Wendy’s house battered
Under the spotlight as regulator is concerned oversight is inadequate
THE FURORE about the handling of trust accounts by top estate agency Wendy Machanik Properties (WMP) has exposed deep fault lines in the supervision of the industry exercised by the Estate Agency Affairs Board (EAAB). The announcement by the EAAB last week that it was instigating a widespread probe into almost 70% of South Africa’s 9 500 registered estate agencies and 28 000 individual agents suggests it can’t rely on its established oversight mechanisms, which include annual reviews of audited accounts for firms and their respective trust accounts.
What’s alarming about the WMP case is that despite the fact that Machanik was called before the board as far back as 2007 to answer questions about apparent irregularities in its management of trust accounts, she was appointed by the Department of Trade & Industry – under whose auspices the EAAB falls – to sit on its board later that year. The EAAB saw no reason in subsequent years to verify whether audited financial statements submitted by WMP accurately reflected the management of trust accounts. EAAB CEO Nomonde Mapetla says there had been no need to question the statements, as they’d already been audited.
The official probe into the agency’s affairs was only launched last year as a result of a detailed tip-off by a whistleblower. While a preliminary report failed to dredge up any damning evidence, details of alleged misappropriation emerged in a later full-blown forensic investigation.
Machanik’s appointment to the EAAB board so soon after her 2007 dressing down further complicated the issue. Machanik, who has refused to be interviewed since news of the scandal broke – beyond issuing a brief statement in which she denied any wrongdoing – is understood to have served one term as a board member. She was offered the opportunity last year to retain the seat, but Mapetla says Machanik “gracefully declined” when it was pointed out to her the position was incongruent with the ongoing investigation into WMP’s financial affair.
Agencies and the agents who work for them are all required to have annual Fidelity Fund certificates issued to them by the EAAB. In order to qualify, the EAAB must be satisfied the legal requirements in terms of the Estate Agency Affairs Act are met. With the rapid growth in the industry in the mid-2000s, many of the checks and balances that might have been adequate previously came under enormous pressure, say industry sources.
Initial investigations into the whistleblower’s allegations that trust accounts were being used to fund Machanik’s personal expenditure and buyers’ deposits were being used to make up shortfalls in operating expenses at WMP resulted in a full-blown forensic investigation by risk consultancy Pasco Risk Management. Court papers indicate WMP was losing up to R400 000/month and more than R25m of trust account money was allegedly misused between March 2007 and February 2010. A statement by WMP didn’t deny the allegations but insisted deposits were safe and that the company hadn’t ever been in a position where it was unable to pay anyone owed money held in one of its trust accounts. WMP said it would legally challenge the findings of the forensic report. Meanwhile, the South Gauteng High Court has appointed a curator to manage the trust accounts, prohibiting access to any employee, including Machanik.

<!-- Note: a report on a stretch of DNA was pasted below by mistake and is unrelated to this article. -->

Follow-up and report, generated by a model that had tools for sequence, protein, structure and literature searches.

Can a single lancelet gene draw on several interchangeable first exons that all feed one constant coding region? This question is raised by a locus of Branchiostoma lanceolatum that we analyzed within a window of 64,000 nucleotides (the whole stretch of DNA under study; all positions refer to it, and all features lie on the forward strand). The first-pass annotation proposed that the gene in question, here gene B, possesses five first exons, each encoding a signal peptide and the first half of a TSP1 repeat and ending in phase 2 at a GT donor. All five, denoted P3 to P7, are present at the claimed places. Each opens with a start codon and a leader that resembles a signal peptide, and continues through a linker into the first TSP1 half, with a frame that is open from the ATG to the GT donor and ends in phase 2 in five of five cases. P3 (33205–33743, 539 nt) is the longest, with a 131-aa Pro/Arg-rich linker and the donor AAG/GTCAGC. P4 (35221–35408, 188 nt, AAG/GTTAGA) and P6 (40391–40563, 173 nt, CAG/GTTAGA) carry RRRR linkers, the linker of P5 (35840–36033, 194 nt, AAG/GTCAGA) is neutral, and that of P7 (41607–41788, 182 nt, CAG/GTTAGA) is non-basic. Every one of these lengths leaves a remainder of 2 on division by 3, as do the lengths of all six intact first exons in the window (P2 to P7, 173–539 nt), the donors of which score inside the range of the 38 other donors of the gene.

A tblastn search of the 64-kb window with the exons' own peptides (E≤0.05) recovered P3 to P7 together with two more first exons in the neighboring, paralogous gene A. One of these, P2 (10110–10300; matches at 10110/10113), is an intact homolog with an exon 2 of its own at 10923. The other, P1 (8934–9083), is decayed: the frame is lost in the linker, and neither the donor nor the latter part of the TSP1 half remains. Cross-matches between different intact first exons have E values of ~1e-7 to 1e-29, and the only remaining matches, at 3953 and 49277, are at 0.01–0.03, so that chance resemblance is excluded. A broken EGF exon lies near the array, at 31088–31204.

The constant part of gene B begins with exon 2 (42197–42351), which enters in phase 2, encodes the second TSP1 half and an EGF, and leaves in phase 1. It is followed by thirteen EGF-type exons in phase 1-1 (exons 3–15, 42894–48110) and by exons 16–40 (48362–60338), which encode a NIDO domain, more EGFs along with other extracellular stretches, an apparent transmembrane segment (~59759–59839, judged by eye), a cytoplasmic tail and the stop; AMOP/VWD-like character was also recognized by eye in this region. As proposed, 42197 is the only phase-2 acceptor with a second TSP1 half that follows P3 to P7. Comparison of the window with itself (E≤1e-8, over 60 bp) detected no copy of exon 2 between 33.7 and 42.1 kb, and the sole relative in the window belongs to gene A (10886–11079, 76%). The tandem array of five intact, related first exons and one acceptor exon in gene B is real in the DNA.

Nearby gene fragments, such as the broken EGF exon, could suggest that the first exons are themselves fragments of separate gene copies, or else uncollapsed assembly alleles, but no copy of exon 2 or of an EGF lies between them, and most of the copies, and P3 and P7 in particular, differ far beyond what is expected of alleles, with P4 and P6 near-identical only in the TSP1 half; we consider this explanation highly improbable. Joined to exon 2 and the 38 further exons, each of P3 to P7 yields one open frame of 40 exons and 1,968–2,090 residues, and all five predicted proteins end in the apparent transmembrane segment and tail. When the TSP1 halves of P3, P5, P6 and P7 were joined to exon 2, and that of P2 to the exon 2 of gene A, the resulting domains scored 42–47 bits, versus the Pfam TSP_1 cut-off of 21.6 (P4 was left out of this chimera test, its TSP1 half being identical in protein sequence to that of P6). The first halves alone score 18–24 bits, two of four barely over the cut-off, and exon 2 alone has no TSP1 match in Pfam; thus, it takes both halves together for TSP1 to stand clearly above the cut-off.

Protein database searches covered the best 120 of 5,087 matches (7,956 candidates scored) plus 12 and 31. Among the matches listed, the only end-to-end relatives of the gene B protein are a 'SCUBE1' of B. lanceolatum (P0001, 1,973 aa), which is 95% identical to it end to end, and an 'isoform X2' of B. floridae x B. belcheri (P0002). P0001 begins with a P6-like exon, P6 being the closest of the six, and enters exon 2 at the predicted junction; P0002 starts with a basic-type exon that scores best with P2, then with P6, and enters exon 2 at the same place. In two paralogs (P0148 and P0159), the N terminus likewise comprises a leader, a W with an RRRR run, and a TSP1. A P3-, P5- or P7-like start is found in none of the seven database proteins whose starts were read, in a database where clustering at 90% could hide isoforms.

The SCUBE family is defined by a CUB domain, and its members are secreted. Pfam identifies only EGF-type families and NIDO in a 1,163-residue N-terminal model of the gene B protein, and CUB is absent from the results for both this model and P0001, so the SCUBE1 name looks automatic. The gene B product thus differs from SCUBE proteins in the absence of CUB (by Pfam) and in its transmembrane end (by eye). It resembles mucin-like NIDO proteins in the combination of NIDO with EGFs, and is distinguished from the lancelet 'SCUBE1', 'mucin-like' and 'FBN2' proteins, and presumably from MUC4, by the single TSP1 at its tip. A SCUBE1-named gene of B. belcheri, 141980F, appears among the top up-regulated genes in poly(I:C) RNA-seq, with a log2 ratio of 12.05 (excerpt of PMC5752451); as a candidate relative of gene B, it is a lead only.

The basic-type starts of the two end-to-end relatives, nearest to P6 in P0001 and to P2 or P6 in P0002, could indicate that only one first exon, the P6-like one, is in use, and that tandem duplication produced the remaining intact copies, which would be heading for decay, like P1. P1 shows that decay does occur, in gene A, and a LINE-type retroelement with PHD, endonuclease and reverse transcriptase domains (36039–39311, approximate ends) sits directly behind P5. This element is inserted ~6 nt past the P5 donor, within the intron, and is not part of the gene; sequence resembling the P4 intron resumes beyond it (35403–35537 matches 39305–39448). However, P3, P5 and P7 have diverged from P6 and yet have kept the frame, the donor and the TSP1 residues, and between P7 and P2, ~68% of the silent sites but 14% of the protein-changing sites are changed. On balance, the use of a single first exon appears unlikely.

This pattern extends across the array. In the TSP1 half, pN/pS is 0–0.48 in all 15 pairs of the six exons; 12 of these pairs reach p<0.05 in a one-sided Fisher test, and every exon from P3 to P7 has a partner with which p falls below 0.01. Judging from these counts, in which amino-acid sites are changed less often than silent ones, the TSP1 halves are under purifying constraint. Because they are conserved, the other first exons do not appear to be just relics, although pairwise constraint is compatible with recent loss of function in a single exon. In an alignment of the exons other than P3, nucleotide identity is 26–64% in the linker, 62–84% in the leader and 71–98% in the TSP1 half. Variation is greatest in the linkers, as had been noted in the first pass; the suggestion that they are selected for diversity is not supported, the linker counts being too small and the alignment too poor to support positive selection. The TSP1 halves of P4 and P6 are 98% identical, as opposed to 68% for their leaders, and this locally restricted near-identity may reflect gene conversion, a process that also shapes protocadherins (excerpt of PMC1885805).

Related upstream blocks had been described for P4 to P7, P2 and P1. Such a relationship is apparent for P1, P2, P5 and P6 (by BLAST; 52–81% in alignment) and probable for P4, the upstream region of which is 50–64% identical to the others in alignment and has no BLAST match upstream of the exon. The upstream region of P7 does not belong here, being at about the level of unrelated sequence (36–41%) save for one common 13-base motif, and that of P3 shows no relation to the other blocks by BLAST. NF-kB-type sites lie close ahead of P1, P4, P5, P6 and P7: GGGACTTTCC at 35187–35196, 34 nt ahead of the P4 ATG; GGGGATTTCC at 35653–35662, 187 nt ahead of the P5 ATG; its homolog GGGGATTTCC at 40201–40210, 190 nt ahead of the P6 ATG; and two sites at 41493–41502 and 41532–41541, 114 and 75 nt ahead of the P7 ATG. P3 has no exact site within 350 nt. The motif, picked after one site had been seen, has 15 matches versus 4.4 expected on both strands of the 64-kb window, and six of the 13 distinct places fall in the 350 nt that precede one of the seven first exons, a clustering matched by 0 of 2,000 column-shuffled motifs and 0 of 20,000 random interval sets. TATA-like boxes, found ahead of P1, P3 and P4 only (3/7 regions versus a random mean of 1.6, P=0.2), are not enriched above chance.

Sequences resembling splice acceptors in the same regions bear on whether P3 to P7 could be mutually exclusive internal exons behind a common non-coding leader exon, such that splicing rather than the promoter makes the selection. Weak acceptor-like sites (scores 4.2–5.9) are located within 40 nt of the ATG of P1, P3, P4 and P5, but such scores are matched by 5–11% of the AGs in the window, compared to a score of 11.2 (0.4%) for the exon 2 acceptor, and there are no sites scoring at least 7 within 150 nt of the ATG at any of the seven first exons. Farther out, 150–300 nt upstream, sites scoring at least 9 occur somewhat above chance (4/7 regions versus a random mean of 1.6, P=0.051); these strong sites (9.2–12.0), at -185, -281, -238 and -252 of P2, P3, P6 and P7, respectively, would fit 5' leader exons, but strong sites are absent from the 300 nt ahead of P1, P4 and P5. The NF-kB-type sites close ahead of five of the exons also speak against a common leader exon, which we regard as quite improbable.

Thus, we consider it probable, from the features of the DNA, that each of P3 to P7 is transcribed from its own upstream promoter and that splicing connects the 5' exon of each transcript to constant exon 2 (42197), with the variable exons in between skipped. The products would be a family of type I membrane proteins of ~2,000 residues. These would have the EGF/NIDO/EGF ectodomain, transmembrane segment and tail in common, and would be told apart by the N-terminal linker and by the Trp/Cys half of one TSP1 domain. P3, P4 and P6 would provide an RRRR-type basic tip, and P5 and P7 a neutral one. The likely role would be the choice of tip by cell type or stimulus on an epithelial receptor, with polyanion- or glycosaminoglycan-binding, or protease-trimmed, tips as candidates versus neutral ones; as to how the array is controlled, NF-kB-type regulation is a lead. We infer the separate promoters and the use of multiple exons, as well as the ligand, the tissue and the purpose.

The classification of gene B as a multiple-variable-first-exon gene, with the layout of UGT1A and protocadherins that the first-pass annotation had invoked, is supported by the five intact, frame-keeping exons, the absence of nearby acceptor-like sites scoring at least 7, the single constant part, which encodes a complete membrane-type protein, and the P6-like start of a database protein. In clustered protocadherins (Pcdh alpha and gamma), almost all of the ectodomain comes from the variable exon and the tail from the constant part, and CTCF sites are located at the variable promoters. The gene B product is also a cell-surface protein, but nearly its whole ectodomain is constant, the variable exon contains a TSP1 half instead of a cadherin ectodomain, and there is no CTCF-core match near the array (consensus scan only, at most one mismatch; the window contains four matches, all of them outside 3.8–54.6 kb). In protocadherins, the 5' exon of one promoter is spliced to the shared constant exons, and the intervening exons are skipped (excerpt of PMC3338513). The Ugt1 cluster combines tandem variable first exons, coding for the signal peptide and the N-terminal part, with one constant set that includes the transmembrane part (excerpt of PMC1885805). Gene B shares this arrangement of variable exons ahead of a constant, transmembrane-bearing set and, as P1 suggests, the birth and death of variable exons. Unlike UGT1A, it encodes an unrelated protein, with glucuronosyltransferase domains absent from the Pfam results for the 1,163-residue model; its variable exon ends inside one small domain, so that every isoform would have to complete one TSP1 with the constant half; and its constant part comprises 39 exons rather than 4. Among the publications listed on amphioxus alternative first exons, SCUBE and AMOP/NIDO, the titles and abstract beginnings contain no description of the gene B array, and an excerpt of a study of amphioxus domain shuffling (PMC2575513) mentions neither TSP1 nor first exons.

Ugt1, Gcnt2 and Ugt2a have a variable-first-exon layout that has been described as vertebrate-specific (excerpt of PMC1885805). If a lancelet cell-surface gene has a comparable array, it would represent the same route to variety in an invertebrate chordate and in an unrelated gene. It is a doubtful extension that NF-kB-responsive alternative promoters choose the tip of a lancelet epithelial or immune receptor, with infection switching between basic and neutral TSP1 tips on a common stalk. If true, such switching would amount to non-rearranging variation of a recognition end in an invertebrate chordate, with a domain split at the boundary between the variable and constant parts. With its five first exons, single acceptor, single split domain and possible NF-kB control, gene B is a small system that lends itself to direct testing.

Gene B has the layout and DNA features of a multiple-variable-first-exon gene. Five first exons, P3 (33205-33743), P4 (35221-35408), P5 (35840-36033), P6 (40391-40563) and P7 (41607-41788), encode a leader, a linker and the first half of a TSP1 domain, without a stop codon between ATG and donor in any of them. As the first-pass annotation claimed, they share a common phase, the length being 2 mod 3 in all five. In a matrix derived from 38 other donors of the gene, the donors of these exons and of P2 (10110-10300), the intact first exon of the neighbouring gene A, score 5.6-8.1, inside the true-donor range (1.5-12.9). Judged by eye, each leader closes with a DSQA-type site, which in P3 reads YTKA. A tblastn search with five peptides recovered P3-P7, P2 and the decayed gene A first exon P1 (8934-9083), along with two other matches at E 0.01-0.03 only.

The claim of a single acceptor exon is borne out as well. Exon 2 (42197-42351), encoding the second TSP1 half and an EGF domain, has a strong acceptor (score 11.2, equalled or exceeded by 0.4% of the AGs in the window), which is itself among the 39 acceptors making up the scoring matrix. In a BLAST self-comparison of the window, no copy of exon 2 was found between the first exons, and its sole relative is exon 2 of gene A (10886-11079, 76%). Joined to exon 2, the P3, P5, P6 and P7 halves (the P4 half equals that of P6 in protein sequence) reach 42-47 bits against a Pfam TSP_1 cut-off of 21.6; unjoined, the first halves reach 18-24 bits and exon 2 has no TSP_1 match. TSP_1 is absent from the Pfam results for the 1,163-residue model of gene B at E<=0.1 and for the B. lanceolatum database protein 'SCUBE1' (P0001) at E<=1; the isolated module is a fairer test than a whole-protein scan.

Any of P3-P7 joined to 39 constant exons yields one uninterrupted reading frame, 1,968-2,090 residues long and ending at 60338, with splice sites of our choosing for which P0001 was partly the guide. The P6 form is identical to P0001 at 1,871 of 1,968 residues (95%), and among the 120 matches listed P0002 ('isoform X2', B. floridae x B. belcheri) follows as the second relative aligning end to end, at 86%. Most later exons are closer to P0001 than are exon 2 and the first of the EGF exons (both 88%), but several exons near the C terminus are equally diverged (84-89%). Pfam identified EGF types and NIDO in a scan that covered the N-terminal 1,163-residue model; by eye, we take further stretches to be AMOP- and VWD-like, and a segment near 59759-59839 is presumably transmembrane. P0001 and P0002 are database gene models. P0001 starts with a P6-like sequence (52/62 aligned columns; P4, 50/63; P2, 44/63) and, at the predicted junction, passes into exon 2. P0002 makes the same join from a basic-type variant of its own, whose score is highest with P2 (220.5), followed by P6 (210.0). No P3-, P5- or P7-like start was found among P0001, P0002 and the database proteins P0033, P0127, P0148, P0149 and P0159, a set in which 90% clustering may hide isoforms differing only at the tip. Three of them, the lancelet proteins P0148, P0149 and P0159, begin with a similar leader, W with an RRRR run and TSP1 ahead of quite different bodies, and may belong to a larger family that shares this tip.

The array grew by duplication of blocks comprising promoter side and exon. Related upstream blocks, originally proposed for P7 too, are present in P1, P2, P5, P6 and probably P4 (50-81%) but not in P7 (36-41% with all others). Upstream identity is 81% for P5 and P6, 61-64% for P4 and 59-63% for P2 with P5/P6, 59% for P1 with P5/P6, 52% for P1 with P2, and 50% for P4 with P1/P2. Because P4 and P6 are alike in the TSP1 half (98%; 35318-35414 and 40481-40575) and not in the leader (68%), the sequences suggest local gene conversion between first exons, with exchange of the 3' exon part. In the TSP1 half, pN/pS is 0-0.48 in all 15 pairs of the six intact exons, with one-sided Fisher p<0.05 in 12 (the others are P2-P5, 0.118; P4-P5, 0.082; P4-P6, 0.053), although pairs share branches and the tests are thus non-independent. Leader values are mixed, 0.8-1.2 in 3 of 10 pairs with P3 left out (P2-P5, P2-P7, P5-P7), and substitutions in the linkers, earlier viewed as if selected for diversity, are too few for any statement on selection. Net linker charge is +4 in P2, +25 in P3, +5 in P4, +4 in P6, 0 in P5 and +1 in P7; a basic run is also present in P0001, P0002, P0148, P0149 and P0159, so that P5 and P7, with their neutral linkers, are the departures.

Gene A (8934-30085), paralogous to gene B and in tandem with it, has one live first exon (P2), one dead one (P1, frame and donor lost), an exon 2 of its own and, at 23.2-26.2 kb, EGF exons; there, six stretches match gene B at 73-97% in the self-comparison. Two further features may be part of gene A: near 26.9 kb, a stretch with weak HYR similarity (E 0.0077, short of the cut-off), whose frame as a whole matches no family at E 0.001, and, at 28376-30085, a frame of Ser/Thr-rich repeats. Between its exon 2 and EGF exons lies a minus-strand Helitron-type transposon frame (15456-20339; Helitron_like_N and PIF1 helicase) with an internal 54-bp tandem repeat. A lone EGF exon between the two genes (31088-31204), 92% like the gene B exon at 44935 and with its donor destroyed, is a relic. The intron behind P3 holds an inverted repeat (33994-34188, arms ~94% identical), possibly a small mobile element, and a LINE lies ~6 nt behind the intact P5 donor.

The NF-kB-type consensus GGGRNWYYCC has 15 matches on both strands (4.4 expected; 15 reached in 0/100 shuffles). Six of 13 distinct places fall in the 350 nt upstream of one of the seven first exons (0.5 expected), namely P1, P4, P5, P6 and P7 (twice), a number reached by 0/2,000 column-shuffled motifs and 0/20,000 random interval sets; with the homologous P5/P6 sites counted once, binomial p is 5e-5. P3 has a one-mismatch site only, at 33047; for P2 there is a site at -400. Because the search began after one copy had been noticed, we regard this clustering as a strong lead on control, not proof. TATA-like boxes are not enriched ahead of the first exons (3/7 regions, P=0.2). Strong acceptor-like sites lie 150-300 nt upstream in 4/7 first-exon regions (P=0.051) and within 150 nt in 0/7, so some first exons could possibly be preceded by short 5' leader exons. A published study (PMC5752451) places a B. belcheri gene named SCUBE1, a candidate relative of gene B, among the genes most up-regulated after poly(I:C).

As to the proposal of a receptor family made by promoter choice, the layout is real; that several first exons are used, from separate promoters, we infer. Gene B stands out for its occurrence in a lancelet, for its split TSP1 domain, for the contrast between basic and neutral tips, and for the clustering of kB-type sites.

The EAAB is also seeking a court order to block Machanik from operating as an estate agent until she again has a Fidelity Fund certificate, which only it can issue. WMP is yet to apply for a 2011 certificate. The broader investigation will reveal whether there are any other agencies in the same boat.
The issue of paying deposits into estate agents’ trust accounts is a contentious one. Although trust accounts at both lawyers and estate agents enjoy the same legal status, property lawyer Julian Scher, at Strauss Scher Attorneys, recommends using lawyers’ trust accounts instead, which adds a level of protection to property buyers who might default on a purchase. Agents tend to take first dibs on deposits in order to extract their commission and may or may not be within their right to do so if a deal collapses. Also, argues Scher, lawyers have a lot more to lose when it comes to fiddling with trust accounts and can be barred from practising law altogether if found guilty of breaking the rules.